Nuking Japan Was The Right Decision

Hey, look, the ultra-libs at Counterpunch are actually denouncing terrorism! Believe it or not, that’s actually pretty rare on the left. Usually, if you read a liberal blog or web page talking about terrorism or Iraq, it’s usually just an opening they use to launch into an attack on the Bush administration, the war, or America.

But in this case, Norm Dixon, in his column “The Worst Terror Attacks in History,” actually sticks it right to the terrorists — oh wait, he’s actually attacking America’s decision to nuke Japan.

Big surprise there, huh? Well, as per usual, the theory in Dixon’s column is that the Japanese were just about to surrender and we nuked them anyway, because America being — ya know, the source of all evil in the world — just does that sort of thing. In this case, our “war crime” was really all about impressing the Soviets, because Japan was done for.

Ya know, liberals keep putting forth this theory over and over, that the Japanese were through, they were finished, but they never explain why, if that’s the case, that they didn’t surrender EVEN AFTER we nuked Hiroshima. Only after we dropped a 2nd nuke on Nagasaki did the Japanese finally call it quits.

Furthermore, the Japanese were the ones who started the war, they raped and murdered their way across China & the Pacific, they savaged our prisoners, & they bombed Pearl Harbor. So as far as I’m concerned, they deserved everything they got and much, much more.

Last but not least, consider that had we not nuked the Japanese, we likely would have gone in with conventional forces and it would have led to a massacre on both sides that dwarfed anything that happened at Hiroshima and Nagasaki. So not only did we save hundreds of thousands of American lives by dropping nukes, we likely spared millions of Japanese lives. Stephen McFarland explains:

“The Army favored a direct, frontal invasion of the Japanese home islands as the quickest means of forcing Japanese unconditional surrender. By April 1, 1945, Japan showed no signs of surrender, encouraging the Joint Chiefs to order the invasion of Okinawa. Three months of ground, sea, and air warfare cost the United States 50,000 casualties and Japan 110,000 dead. The Okinawa experience colored all future plans for defeating Japan. An invasion force against the home islands would confront a Japanese army of possibly five million and many times more civilians receiving rudimentary training in how to oppose any landing. Japan also prepared more than five thousand kamikaze aircraft. The Army’s invasion plan called for Operation OLYMPIC, the invasion of Kyushu, to begin November 1,1945, followed by Operation CORONET, the invasion of Honshu (specifically, the plain around Tokyo), to begin sometime in 1946. No one doubted the invasions would be successful. The question was whether the United States could withstand the American casualties that would result and whether it could stomach the millions of Japanese who would be killed in the process.22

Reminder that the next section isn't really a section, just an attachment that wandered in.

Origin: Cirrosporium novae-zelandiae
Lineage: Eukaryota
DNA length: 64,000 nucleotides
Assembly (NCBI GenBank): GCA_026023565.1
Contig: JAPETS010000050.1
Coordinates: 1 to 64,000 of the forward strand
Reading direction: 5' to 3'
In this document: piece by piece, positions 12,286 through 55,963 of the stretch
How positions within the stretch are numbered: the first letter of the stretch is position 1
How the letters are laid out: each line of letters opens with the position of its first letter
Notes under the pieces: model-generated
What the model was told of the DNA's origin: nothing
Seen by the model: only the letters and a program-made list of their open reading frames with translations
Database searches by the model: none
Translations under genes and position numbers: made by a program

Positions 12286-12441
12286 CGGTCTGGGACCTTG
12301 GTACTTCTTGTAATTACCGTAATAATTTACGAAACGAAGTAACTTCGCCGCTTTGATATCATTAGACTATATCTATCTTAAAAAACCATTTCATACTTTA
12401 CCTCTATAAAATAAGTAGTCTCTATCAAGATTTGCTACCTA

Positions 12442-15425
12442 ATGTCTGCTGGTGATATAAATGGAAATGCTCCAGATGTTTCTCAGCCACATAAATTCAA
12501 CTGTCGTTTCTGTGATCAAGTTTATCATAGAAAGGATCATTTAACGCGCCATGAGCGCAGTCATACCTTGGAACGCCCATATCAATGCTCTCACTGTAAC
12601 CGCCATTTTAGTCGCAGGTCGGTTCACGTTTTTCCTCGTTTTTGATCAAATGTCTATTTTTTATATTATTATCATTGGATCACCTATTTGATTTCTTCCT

Casualty figures were largely the product of the American experience on Saipan and Okinawa. Using the “Saipan ratio,” staff officers predicted American casualties could reach 1.7 to 2 million, though by the spring of 1945 this number had declined to 500,000. They knew, however, that the Soviet Red Army had suffered 352,000 casualties attacking Berlin in the closing days of the European war. The Army made plans to recruit and train 720,000 soldiers to replace those injured, killed, or otherwise indisposed in the invasions. It also ordered the production of 400,000 Purple Hearts.23